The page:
Sunday Scribblings: Family

For chris n., something "not so dark."

My mother liked to say that she didn’t know exactly how I made it through childhood intact.
And alive.
We were children of the 60s and 70s, the five of us children born to Ed and Marcia. There where the studious girls, the rambunctious boys. Good kids who lived life as if it was going to be taken away with the dawn.
My brother, six years my senior, and I were hard cases when it came to innocent fun. The brothers who stories were passed around the table at Thanksgiving and Christmas.
The lighter-fluid flame races in the basement; the bottle rocket fights with neighbor kids; wholesale destruction of anything – glass bottles of warm, shook-up soda water explode fabulously when hit with a BB gun – with guns, flames illegal fireworks and homemade explosives.
We carried on with fearless abandon. We plotted and planned. We never lied. We simply never told the entire truth.
(Whether by design or indifference, my parents wouldn’t ask the proper questions: My mother would ask where I was until 3 a.m. in high school and I’d say work; this was true, I was on the roof of Wendy’s drinking Blatz beer and throwing rotten tomatoes at passing semi trucks.)

One of our best gags occurred at my aunt’s farmhouse at Christmas. My mother’s whole side of the family would gather for Christmas dinner. I was in college. My brother already part of the working world.
There was a pool table in the basement. A whole passel of younger nieces and nephews where banished to the dungeon to not be seen or heard. My brother and I joined them, not looking for mischief, but not turning anything down – should the opportunity arise.
It did.
A couple of the kids brought down pieces of my grandmother’s fudge and left them on the pool table rail. My brother looked at my aunt’s litter box for her gigantic farm cat, Bear, and smiled.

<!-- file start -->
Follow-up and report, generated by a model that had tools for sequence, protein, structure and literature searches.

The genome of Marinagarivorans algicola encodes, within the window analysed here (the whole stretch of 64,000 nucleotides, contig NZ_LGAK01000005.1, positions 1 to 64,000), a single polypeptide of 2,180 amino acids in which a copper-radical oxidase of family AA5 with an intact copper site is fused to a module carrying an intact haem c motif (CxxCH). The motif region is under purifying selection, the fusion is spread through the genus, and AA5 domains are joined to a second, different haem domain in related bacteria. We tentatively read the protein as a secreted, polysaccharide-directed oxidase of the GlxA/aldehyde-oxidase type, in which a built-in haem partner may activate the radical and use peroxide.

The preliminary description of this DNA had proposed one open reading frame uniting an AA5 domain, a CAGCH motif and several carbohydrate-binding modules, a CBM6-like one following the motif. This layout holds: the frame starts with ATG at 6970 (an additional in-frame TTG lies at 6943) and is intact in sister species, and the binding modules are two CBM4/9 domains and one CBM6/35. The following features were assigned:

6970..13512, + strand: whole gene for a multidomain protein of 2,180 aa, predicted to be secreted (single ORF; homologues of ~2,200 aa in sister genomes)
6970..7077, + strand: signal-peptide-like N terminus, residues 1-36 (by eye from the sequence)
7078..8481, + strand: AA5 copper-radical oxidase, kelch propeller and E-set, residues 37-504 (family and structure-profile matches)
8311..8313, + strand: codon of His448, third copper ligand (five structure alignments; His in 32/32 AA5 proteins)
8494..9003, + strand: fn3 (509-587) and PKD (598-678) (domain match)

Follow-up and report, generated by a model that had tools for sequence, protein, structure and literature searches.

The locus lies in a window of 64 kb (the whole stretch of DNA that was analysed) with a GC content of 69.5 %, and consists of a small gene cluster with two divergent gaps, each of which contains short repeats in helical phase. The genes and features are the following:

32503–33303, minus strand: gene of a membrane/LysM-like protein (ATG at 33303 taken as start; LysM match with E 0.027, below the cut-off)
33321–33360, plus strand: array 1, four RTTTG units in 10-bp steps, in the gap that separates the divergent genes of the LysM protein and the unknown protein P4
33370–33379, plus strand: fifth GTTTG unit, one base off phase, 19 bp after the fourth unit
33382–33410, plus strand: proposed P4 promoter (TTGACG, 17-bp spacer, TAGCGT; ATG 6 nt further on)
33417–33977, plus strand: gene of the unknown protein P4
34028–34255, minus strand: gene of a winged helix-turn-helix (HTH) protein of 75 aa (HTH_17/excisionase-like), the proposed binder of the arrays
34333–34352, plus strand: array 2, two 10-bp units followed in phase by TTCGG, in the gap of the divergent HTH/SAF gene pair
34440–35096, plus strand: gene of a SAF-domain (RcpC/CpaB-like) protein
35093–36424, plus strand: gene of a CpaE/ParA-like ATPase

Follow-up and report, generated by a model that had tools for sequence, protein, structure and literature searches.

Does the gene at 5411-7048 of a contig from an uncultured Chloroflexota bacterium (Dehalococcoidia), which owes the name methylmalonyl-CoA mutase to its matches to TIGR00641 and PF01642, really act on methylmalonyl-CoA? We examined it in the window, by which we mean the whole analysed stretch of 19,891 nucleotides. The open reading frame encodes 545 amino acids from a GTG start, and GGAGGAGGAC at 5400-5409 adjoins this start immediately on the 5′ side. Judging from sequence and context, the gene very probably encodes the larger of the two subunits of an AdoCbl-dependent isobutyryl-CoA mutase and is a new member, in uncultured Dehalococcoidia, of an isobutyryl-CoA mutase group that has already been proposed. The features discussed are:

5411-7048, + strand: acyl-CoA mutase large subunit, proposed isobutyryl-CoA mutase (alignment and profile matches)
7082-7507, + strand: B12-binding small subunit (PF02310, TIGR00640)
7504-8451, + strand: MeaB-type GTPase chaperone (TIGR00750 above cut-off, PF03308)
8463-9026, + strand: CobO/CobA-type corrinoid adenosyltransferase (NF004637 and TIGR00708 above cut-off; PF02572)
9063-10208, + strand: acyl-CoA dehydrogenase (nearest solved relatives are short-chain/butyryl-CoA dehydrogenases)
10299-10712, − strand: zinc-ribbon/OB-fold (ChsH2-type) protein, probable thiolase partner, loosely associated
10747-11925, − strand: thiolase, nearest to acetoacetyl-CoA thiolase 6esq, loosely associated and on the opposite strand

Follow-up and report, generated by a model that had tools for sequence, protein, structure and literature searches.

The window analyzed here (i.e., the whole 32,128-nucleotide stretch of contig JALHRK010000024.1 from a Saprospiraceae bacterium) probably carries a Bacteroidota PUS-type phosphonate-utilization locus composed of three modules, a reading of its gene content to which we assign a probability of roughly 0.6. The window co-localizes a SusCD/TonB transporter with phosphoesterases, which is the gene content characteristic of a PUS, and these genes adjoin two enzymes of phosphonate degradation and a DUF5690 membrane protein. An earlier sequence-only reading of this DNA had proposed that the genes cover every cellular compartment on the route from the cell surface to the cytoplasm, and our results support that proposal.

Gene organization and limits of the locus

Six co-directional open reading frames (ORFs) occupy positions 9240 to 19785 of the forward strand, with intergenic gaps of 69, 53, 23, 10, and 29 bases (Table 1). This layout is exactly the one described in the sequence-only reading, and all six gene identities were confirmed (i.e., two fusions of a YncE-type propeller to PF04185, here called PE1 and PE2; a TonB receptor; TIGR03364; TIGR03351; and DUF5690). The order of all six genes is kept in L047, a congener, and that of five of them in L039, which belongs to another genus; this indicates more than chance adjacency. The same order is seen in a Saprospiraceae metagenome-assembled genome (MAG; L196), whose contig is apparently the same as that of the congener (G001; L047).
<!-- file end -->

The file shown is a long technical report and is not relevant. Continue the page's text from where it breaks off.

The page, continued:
With two pieces of fudge, my brother and I fashioned a rather authentic looking cat turd. The plan was to stick it in the box and try to get one of the kids to eat it.
We pointed. We cajoled. We dared. The kids said “eeeewww” and “gross” and then one of my nephews finally said, “You eat it.”
And I picked it up, bit into it and showed them my chocolate-covered, toothy smile.
You never saw six little kids run up creaky wooden steps so fast – screaming a garbled wake that startled the women gathered around the old farmhouse table in the kitchen drinking coffee.
Then, silence.
And then, my mother called down the stairs:
“What are you two up to?”
The kids had confessed that I ate cat shit.
We huddled, my brother and I, laughing until tears ran.
“Both of you, up here – NOW.”
“You,” she said, “you’re in college. And you – you ought to know better.”
And she gave a sly smile and a wink.
Not the last she would ever give me.


Anonymous said...

I'm flattered...
An appropriate topic, family can be so warm and enveloping. You were one of the lucky ones to have an obviously good family life. It's an added strength to your writing.
Stories don't have to be deep and dark, only touching the soul, not only of you, but of others. If they lead to a dark place, maybe it is the perception of the reader.
One of those conundrums of life.